ASU HEADED HERE: Arkansas State’s 31-24 win at North Texas Saturday gave ASU the other share of the three-way Sun Belt crown. ASU, ULM and UL all finished 5-2 in league play, with ASU earning the league’s berth in the New Orleans Bowl courtesy of a 39-36 win over the Cajuns back on Oct. 13, UL’s last loss.

ASU will make its first-ever Division I-A bowl appearance in the 7 p.m. Dec. 20 game at UL’s Cajun Field. The contest was moved from its Louisiana Superdome home after the ravages of Hurricane Katrina. The Indians will play a team from Conference USA, with that selection likely to come this week from a group that includes Southern Miss, Memphis, Houston and UTEP.

Central Florida, which beat the Cajuns 24-21 on a last-play field goal earlier this year, will meet Tulsa in the C-USA title game Saturday in Orlando. Tulsa backed into that title game over the weekend when UTEP was upset 40-27 by SMU.

TUFF TIEBREAKER: Ironically, if ULM had picked up one more non-conference victory during the season, it would be the Cajuns as a true "host" team for the bowl.

ULM finished 5-6 overall and was eliminated from a potential three-team bowl tiebreaker with UL and ASU since it is not bowl-eligible. Had ULM finished 6-5 instead of 5-6, the bowl berth would have been determined by the Sun Belt’s three-team tiebreaker format.

And, UL would have that tiebreaker advantage since it beat all of the teams that could tie for fourth in the league (Middle Tennessee, Troy and Florida International) and both ASU and ULM lost games to one of those teams. The final league standings won’t be determined until Middle and FIU play their hurricane-delayed game Saturday in Miami, but the Cajuns would hold the advantage regardless of the result of that game.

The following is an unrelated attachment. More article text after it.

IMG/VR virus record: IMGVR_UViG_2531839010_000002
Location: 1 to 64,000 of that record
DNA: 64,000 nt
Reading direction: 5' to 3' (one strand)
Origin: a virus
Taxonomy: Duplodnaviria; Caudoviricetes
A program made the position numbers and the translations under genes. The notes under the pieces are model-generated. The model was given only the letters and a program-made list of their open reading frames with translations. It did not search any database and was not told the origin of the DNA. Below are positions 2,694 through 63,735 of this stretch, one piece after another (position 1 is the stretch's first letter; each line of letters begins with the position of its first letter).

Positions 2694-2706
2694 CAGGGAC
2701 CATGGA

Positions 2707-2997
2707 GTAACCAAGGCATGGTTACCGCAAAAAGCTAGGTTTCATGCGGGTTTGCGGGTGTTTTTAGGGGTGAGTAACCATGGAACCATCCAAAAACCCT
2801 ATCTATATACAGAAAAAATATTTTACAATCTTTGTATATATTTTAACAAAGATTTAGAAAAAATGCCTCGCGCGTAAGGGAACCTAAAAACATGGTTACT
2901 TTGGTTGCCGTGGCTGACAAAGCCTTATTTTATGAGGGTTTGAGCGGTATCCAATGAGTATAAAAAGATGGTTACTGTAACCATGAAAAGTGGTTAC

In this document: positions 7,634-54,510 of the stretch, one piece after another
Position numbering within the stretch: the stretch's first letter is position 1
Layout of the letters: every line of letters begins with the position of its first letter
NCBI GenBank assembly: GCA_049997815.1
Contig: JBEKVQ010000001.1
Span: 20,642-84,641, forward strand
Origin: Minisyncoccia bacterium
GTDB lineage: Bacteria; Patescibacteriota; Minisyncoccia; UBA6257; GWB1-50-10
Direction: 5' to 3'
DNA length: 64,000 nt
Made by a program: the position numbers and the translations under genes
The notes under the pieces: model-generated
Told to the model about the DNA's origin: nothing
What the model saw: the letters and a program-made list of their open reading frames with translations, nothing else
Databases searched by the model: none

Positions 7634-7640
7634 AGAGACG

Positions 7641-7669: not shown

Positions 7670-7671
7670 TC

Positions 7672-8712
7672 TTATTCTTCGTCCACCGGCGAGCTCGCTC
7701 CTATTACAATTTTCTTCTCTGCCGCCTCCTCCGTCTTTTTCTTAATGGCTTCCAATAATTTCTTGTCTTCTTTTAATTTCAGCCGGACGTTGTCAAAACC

GOING BOWLING: Unlike last season when virtually every bowl-eligible team in the country made it to postseason play, it’s doubtful that the Cajuns will be able to secure a slot in one of the 28 bowl games.

A total of 64 teams nationally are bowl-eligible with at least six wins, and 56 slots are available in the bowl season that begins with the Dec. 20 New Orleans Bowl. The bowl-eligible number could go to 65 if Connecticut upsets Louisville Saturday in their Big East Conference finale.

Last season, 57 teams were eligible for the 56 spots. Akron of the Mid-American Conference was the only six-win team not to get a bowl invitation. Akron faces Northern Illinois this week for the MAC title.

A handful of leagues will not fill their bowl quota, such as the SEC with six eligible teams and eight spots. But other leagues have more eligible teams than bowl spots such as the ACC (eight) and the Mid-American (seven).

QUARTERBACK CLUB: The Ragin’ Cajun Quarterback Club will hold one more meeting for the 2005 season, that one today at noon at the Best Western Hotel Acadiana.

Head coach Rickey Bustle will host the senior members of the Cajun squad, and he and the staff will look back at the season. Lunch is $10 for members and $20 for non-members and all fans are invited.

Originally published November 28, 2005